Laminectomy Exercise Restrictions

You can work your legs, but make sure to keep your back straight.
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Laminectomy is a surgery that relieves pressure on your spinal cord and nerves. This medical procedure, also called decompression surgery, can relieve the symptoms of a too narrow spine including pain, numbness, tingling and burning.


Recommended laminectomy recovery exercises and movement restrictions help prevent injury and promote optimal healing after this procedure. Follow exercise guidelines only after consulting your doctor.

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Read more: Exercises After Low Back Surgery

Decompression with Laminectomy

A laminectomy removes the lamina, or back part of the vertebra covering your spinal canal. This procedure enlarges the spinal canal to relieve pressure on the spinal cord and nerves that occurs from a narrowed spine, or spinal stenosis. A laminectomy can be performed on your neck area, mid-back area or the lower-back portion of your spine.

If two or more of your vertebra have separated, you may also need another procedure called a spinal fusion. A spinal fusion connects, or permanently fuses, your vertebra together using bone grafts, metal rods or screws. Recovery and exercise restriction times depend on whether or not a spinal fusion was performed.

Exercise After Laminectomy Back Surgery

Your doctor will restrict your exercise after laminectomy back surgery — you must not bend, twist, push, pull or lift objects more than five pounds, according to Johns Hopkins Medicine. However, you can lift light objects by using your thigh muscles to bend your knees as long as you keep your back straight.


Also, if your surgery involved the neck area, ensure that you do not bend or twist your neck. Avoid sports that involve lifting, bending and twisting such as weightlifting, baseball, tennis, racquetball and dancing until cleared by your surgeon.

Aerobic Restrictions After Surgery

Following a laminectomy, do not participate in aerobic activities that produce excessive movement of your spine and pelvis, such as running and jogging for at least ten weeks, according to Oxford Radcliffe Hospitals.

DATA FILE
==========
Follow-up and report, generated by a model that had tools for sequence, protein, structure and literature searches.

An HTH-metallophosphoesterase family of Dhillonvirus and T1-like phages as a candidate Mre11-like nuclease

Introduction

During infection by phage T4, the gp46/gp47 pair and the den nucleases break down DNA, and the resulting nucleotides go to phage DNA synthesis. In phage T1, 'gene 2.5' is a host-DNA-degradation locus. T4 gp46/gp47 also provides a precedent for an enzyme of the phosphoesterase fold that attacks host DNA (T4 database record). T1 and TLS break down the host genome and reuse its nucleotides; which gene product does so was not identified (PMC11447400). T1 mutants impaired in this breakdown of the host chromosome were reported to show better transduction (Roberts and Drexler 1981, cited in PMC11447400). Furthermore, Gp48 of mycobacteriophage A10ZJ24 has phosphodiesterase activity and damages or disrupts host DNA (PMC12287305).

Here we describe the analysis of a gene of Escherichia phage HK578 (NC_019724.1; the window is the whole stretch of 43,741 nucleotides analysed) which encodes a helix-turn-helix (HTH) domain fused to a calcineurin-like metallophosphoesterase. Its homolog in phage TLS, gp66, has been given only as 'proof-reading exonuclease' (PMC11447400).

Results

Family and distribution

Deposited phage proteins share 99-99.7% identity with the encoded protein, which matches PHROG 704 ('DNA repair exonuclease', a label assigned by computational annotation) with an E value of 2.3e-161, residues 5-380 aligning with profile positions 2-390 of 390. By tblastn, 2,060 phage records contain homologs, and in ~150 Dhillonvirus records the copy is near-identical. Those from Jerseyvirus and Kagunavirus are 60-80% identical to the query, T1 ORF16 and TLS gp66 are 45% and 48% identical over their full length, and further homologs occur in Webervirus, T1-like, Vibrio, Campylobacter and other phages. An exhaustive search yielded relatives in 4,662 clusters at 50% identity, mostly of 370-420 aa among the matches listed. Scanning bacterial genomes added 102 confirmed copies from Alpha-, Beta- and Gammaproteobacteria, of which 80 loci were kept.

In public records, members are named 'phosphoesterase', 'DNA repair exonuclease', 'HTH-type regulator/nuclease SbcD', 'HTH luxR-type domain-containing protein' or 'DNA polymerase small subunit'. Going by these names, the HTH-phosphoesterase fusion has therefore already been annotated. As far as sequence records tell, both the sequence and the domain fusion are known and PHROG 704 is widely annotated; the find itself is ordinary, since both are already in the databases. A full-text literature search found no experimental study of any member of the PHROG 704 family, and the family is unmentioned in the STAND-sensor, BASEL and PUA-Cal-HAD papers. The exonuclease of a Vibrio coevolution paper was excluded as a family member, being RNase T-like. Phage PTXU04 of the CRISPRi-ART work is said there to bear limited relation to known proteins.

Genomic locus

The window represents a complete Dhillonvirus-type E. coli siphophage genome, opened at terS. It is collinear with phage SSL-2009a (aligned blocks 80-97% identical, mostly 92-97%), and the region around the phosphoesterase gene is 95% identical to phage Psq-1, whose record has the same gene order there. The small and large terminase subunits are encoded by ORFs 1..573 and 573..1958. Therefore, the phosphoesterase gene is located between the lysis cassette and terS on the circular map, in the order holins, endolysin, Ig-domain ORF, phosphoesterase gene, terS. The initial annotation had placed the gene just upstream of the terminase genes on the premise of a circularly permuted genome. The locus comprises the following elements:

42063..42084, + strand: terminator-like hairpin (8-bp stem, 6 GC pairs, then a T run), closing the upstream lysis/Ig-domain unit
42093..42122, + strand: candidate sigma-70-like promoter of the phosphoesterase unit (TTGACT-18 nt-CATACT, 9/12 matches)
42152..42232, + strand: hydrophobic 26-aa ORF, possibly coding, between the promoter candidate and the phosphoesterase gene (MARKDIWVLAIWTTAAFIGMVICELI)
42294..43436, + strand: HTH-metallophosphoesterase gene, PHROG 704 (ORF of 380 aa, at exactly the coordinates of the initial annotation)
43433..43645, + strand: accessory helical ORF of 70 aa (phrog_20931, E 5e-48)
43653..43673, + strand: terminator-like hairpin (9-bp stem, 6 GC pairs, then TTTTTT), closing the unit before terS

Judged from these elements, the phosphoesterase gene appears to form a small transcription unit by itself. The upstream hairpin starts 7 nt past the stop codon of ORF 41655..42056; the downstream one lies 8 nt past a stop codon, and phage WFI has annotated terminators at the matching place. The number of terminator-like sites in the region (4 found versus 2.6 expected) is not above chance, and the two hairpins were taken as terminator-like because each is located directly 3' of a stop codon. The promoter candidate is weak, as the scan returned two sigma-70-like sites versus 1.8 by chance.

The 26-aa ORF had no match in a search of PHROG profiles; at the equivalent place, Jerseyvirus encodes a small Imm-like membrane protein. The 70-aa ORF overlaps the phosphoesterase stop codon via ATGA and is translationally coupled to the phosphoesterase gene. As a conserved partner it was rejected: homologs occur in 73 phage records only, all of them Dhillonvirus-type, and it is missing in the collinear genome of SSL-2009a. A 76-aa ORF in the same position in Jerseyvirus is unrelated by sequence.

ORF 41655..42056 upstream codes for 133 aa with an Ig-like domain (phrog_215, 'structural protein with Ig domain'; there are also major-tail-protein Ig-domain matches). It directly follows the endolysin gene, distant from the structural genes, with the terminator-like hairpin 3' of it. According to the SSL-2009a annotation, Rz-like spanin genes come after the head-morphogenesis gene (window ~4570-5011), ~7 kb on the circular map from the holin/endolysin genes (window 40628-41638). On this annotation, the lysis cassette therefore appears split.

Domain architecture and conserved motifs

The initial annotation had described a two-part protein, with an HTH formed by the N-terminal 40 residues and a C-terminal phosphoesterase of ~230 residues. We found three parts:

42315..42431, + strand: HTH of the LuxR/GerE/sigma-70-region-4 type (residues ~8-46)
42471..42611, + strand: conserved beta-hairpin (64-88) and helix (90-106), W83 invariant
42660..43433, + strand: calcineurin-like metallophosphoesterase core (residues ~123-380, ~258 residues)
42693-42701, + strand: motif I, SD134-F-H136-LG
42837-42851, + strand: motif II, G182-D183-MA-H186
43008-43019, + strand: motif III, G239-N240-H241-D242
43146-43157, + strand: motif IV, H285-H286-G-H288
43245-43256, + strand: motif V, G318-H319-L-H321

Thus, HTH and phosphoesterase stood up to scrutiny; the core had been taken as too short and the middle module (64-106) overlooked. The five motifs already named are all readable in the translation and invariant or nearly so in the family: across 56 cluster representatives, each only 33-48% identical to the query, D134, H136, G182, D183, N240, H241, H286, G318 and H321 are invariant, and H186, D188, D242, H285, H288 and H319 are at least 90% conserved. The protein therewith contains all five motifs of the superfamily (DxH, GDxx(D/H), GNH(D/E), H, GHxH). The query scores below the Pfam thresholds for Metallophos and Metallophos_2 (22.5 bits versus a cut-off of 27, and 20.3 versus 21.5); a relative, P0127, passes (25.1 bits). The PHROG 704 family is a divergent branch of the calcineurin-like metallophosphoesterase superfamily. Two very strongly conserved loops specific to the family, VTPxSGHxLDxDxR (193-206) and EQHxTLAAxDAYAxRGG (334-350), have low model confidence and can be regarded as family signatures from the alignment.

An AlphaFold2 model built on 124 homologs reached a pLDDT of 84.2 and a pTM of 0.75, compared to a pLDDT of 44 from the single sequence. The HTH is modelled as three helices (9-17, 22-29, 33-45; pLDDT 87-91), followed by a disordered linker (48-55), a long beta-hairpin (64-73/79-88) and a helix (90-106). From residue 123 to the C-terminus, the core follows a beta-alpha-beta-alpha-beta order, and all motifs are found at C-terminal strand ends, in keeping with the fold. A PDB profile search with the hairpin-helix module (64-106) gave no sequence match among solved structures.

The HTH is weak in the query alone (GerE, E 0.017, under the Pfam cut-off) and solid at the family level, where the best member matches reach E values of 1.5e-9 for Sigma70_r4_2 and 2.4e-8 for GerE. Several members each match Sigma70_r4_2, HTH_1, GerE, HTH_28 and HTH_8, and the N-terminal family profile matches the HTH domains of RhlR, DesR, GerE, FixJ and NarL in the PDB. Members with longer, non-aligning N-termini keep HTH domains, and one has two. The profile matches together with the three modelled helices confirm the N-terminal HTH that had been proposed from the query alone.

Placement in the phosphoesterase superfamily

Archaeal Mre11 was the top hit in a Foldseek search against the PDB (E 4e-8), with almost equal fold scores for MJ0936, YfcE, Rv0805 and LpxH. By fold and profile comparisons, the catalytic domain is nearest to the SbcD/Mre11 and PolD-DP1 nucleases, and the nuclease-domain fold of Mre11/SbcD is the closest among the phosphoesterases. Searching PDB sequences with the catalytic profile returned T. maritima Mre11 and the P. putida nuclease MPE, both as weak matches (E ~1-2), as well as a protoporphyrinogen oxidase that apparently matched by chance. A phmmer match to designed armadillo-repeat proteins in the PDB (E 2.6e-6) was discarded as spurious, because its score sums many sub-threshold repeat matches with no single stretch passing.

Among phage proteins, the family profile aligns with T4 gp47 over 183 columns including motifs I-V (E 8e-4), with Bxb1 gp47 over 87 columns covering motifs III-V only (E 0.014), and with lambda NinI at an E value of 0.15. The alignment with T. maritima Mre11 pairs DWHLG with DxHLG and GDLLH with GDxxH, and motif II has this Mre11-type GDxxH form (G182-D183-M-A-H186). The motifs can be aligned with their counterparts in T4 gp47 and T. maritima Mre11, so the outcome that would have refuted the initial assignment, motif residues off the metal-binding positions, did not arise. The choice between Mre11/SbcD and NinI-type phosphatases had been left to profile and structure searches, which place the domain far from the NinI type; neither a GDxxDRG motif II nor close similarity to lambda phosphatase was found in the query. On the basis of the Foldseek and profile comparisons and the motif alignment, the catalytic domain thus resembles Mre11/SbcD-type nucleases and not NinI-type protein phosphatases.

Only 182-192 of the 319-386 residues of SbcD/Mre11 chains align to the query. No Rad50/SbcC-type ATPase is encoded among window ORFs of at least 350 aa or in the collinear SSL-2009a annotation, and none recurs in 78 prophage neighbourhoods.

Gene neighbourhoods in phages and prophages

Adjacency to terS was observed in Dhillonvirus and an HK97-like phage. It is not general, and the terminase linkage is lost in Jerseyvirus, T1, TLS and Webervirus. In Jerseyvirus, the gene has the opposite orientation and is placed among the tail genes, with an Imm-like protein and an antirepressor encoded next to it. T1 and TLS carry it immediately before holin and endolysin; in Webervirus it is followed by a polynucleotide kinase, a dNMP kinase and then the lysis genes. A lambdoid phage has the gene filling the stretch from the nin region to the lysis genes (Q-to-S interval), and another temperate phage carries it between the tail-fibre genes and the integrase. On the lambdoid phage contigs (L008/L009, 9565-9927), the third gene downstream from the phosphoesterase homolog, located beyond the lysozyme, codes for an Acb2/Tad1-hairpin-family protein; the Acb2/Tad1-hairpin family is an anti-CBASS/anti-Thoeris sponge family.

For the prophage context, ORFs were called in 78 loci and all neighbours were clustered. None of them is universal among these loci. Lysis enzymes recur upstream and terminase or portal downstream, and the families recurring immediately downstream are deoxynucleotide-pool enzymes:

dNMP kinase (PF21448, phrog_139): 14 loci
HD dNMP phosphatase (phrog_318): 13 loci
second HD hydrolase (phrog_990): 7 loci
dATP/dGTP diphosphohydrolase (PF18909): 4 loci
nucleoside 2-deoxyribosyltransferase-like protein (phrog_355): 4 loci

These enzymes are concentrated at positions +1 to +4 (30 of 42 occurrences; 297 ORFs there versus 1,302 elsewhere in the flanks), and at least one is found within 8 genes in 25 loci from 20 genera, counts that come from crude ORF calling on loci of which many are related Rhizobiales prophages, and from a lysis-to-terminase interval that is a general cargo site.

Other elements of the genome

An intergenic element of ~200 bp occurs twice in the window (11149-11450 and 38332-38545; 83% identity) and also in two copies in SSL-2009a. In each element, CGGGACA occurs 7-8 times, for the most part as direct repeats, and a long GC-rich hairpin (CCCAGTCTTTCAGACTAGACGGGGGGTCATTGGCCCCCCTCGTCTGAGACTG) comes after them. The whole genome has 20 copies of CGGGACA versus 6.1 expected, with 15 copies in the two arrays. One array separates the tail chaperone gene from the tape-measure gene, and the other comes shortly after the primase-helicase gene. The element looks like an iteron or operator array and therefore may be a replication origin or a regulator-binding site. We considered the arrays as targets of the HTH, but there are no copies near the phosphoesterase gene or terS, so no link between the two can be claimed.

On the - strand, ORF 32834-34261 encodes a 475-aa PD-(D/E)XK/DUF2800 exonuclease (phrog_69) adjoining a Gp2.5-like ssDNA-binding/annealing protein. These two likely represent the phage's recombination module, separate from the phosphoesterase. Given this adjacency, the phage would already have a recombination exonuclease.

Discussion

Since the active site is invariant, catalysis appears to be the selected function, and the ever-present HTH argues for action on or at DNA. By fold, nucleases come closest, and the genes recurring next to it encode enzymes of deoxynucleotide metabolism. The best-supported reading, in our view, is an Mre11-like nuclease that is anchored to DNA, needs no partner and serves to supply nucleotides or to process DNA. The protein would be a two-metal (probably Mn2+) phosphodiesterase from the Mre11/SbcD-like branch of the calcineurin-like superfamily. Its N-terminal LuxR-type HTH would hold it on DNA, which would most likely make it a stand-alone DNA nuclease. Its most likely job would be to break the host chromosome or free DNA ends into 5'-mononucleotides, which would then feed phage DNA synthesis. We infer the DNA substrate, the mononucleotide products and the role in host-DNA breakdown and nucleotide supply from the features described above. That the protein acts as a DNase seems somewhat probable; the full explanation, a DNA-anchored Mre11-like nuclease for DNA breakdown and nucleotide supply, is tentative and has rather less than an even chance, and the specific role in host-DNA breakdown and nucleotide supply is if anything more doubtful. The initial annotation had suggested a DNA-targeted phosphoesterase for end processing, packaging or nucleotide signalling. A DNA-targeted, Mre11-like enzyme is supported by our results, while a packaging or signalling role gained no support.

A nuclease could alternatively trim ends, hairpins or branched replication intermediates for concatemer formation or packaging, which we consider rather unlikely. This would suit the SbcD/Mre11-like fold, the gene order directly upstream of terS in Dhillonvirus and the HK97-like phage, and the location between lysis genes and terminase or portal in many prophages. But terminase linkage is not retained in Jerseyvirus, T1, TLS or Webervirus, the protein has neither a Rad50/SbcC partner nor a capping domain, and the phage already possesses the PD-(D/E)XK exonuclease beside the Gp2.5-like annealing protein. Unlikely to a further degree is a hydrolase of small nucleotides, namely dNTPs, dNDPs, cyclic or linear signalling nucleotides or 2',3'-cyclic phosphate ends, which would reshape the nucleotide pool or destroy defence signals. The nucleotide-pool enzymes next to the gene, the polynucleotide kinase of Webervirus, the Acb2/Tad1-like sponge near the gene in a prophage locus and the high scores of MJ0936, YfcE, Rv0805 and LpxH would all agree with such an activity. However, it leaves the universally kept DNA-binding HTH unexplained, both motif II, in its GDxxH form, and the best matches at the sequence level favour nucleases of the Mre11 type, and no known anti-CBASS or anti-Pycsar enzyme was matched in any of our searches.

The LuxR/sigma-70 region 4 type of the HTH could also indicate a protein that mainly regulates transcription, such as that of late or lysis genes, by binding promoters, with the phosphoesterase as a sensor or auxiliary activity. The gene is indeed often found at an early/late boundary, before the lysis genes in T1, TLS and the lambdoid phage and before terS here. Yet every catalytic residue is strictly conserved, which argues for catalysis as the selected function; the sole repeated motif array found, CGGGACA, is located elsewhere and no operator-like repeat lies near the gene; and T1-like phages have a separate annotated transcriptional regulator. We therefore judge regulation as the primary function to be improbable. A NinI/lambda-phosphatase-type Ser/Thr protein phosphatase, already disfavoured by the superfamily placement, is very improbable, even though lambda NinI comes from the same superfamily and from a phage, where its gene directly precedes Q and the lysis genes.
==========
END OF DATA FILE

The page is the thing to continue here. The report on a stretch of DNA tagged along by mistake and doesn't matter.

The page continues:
Avoid long walks initially, taking frequent, short, daily walks, instead. Alternate your short walks with rest periods and gradually increase your walking to 30 minutes at least twice daily. Depending on your progress and surgeon's advice, you may eventually add stationary treadmills and bicycles to your exercise regimen.


Read more: Abdominal Exercises for Fused Lumbar Spines


Laminectomy Recovery Exercises

Although weight training right after laminectomy isn't allowed, there are exercises that your doctor or physical therapist will prescribe for you during the first six weeks after surgery, according to Vancouver Coastal Health, to gently strengthen your abs and legs.

One of the first things you will learn is how to find a neutral spine. You can do this exercise in sitting or standing, depending on what is more comfortable for you.


  1. Sit or stand with your feet shoulder-width apart.
  2. Tighten your ab muscles as if you are pulling your belly button back toward your spine.
  3. Stand up tall as if someone is pulling up up on a string, attached to the top of your head.
  4. Squeeze your shoulder blades together and down toward your back pockets.
  5. Pull your chin back slightly — your ears should be directly over your shoulders.

Keep a neutral spine throughout your daily activities to help protect your recent surgery.




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